United States District Court, E.D. Virginia, Richmond Division
MEMORANDUM OPINION (DENYING RULE 60(B)
E. HUDSON, SENIOR UNITED STATES JUDGE.
Memorandum Opinion and Order entered on July 26, 2012, the
Court denied a 28 U.S.C. § 2255 Motion filed by
Petitioner (ECF Nos. 186, 187). Since that date, Petitioner
has inundated the Court with frivolous filings. On January
16, 2018, the Court received a Motion to Vacate Judgment
Pursuant to Fed. R. Civ. Proc. § 60(b)(6), and Motion to
Reopen 28 U.S.C. § 2255 Proceedings. ("Rule 60(b)
Motion," ECF No. 236.) On March 12, 2018, the Court
received a Motion for Leave to File an Amended Motion to
Vacate Judgment with the attached amended motion under Rule
60(b). ("Motion for Leave to File," ECF No. 239.)
On April 11, 2018, Petitioner also filed a
Motion to Consolidate the Rule 60(b) Motion with the amended
motion. ("Motion to Consolidate," ECF No. 242.) As
a preliminary matter, the Motion to Consolidate (ECF No. 242)
will be denied because, as discussed below, the Motion for
Leave to File will be denied as futile.
Rule 60(b) Motion, Petitioner argues that under Rule 60(b)(6)
the Court should re-open and reconsider its prior denial of
his § 2255 Motion due to alleged errors of habeas
counsel. A party seeking relief under Federal Rule of Civil
Procedure 60(b) must make a threshold showing of
"timeliness, a meritorious defense, a lack of unfair
prejudice to the opposing party, and exceptional
circumstances." Dowell v. State Farm Fire & Cas.
Auto. Ins. Co., 993 F.2d 46, 48 (4th Cir. 1993) (quoting
Werner v. Carbo, 731 F.2d 204, 207 (4th Cir. 1984)).
After a party satisfies this threshold showing, "he [or
she] then must satisfy one of the six specific sections of
Rule 60(b)." Id. (citing Werner, 731
F.2d at 207).
Federal Rule of Civil Procedure 60(c)(1), Petitioner was
required to file his motion within a reasonable time after
the entry of the July 26, 2012 Memorandum Opinion and Order.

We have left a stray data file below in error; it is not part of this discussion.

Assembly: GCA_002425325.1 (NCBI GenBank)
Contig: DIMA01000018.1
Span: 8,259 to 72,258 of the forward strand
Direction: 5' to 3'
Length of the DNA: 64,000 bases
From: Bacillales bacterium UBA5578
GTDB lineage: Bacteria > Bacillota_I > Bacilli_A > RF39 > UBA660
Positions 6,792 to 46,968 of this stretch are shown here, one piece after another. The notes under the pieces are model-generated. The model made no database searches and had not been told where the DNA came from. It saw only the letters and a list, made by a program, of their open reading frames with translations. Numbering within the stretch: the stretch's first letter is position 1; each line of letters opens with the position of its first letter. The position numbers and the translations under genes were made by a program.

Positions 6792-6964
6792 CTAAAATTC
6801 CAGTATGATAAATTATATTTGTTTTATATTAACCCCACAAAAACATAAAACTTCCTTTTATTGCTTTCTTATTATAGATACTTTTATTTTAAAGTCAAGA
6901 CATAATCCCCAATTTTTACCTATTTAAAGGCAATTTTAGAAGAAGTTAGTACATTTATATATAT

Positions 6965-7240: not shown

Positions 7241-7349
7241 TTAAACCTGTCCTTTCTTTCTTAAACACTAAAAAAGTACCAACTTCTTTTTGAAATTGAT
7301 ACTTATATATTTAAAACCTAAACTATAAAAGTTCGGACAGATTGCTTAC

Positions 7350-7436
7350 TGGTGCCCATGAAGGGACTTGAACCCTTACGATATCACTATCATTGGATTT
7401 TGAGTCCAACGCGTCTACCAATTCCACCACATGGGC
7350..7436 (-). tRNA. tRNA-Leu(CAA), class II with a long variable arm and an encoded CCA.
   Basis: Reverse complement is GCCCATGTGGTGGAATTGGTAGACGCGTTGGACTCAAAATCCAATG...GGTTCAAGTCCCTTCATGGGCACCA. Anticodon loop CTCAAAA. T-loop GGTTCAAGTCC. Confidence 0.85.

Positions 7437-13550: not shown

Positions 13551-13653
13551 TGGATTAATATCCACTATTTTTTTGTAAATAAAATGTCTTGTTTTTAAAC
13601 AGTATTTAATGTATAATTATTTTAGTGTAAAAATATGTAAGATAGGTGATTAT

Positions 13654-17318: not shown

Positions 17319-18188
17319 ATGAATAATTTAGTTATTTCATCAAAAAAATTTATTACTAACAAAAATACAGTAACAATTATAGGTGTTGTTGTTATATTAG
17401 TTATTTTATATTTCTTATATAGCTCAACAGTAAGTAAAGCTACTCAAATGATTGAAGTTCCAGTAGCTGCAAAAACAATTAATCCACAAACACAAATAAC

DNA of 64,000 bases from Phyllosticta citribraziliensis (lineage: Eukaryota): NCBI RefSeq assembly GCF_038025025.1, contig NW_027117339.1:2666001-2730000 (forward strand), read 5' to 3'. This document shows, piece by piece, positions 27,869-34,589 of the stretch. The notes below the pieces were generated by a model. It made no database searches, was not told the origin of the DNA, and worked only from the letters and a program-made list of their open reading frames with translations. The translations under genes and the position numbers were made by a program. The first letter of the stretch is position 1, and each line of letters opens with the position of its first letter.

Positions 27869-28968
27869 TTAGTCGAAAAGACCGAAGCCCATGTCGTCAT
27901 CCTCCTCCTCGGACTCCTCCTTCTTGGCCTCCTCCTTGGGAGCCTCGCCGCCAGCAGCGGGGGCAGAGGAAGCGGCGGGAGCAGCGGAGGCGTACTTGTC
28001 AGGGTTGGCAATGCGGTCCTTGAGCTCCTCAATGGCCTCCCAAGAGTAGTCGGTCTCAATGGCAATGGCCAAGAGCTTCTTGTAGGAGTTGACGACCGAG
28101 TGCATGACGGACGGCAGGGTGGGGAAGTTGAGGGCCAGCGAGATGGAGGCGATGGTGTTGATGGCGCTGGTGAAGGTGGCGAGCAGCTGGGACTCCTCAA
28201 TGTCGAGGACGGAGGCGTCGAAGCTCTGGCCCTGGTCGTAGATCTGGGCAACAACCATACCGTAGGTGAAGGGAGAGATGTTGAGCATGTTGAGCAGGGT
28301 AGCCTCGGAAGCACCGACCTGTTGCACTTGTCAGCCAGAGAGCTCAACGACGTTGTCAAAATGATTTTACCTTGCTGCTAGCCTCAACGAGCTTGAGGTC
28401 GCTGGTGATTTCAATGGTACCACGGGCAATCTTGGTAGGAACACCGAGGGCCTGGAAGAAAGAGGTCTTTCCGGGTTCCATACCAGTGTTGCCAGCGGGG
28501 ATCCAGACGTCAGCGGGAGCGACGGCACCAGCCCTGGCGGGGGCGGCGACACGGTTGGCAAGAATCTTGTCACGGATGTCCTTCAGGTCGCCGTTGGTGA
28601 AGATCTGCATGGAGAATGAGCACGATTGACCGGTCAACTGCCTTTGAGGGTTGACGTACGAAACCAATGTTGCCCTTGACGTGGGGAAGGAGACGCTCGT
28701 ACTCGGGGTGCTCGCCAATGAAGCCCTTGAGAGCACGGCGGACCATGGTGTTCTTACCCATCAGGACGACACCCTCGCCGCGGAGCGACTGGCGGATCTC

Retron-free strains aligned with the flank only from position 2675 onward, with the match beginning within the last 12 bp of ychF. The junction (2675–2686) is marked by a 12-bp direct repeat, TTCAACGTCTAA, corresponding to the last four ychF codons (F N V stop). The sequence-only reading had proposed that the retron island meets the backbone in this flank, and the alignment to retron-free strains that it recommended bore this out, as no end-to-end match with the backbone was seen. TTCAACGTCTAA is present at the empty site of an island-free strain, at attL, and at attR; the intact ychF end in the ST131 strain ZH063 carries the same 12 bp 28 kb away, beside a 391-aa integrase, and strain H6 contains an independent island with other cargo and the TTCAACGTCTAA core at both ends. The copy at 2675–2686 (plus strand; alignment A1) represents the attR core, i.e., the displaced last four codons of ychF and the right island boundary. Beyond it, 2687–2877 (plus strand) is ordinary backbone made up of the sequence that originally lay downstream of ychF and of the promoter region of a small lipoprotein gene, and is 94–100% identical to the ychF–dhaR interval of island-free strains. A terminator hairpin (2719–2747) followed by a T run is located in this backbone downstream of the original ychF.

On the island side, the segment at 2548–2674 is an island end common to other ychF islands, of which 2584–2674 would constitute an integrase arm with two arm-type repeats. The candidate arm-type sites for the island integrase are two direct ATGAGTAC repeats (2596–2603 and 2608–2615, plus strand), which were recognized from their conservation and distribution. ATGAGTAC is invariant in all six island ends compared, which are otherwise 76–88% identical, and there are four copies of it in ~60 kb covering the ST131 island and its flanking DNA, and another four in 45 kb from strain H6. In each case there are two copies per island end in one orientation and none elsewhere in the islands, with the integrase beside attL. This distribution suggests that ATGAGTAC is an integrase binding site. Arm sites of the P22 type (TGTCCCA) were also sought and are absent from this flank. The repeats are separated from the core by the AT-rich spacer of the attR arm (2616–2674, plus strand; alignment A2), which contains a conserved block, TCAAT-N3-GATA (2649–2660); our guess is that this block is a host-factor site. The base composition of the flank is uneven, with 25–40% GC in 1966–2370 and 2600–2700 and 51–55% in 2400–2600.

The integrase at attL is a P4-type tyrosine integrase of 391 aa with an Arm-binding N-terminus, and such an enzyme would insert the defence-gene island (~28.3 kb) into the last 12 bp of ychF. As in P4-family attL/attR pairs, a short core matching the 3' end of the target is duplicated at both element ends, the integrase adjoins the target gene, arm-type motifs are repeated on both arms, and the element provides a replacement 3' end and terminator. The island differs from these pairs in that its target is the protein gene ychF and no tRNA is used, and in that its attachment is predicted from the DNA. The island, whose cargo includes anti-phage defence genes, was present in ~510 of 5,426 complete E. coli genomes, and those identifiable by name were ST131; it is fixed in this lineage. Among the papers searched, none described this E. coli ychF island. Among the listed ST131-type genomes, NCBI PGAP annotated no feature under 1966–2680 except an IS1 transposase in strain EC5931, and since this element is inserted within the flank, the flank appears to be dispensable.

Fed.R.Civ.P. 60(c)(1) ("A motion under Rule 60(b) must
be made within a reasonable time-and for reasons (1), (2),
and (3) no more than a year after the entry of the judgment
or order or the date of the proceeding.").
Petitioner's Rule 60(b) Motion, filed more than fifteen
years after the entry of the challenged judgment, was not
filed in a reasonable time. See McLawhorn v. John W.
Daniel & Co., Inc., 924 F.2d 535, 538 (4th Cir.
1991) ("We have held on several occasions that a Rule
60(b) motion is not timely brought when it is made three to
four months after the original judgment and no valid reason
is given for the delay." (citing Cent. Operating Co.
v. Utility Workers of Am., 491 F.2d 245 (4th Cir. 1974);
Consol Masonry & Fireproofing, Inc. v. Wagman Constr.
Corp., 383 F.2d 249 (4th Cir. 1967))). Moreover, Rule
60(b) is an extraordinary remedy requiring a showing of
exceptional circumstances. Mayfield v. Nat'l
Ass'n for Stock Car Auto Racing, Inc., 674 F.3d 369,
378 (4th Cir. 2012) (citing Ackermann v. United
States, 340 U.S. 193, 202 (1950)).
fails to offer any persuasive argument as to why this Court
should find that his Rule 60(b) Motion was filed within a
reasonable time. Cf. Fortune v. Clarke, 712
Fed.Appx. 296, 297 (4th Cir. 2018) (explaining that
determination of timeliness of a Rule 60(b) motion is
discretionary not jurisdictional). Moreover, "[a] motion
under [Rule] 60(b)(6) may not be granted absent
'extraordinary circumstances.'" MLC Auto.,
LLC v. Town of Southern Pines, 532 F.3d 269, 277 n.5
(4th Cir. 2008) (quoting Reid v. Angelone, 369 F.3d
363, 370 (4th Cir. 2004)). Petitioner fails to demonstrate
that extraordinary circumstances warrant review of the
Court's dismissal of his § 2255 Motion or that he
has a meritorious claim. Accordingly, the Rule 60(b) Motion
(ECF No. 236) will be denied.
amended motion under Rule 60(b) attached to the Motion for
Leave to File is also untimely and allowing any amendment
would be futile. Accordingly, the Motion for Leave to File
(ECF No. 239) will be denied. A certificate of appealability
will be denied.
appropriate Order will accompany this Memorandum Opinion.
 Federal Rule of Civil Procedure 60(b)
provides, in pertinent part:
(b) Grounds for Relief from a Final Judgment, Order,
or Proceeding. On motion and just terms, the court may
relieve a party or its legal representative from a final
judgment, order, or proceeding for the following
(4) the judgment is void;
(6) any other reason that justifies relief.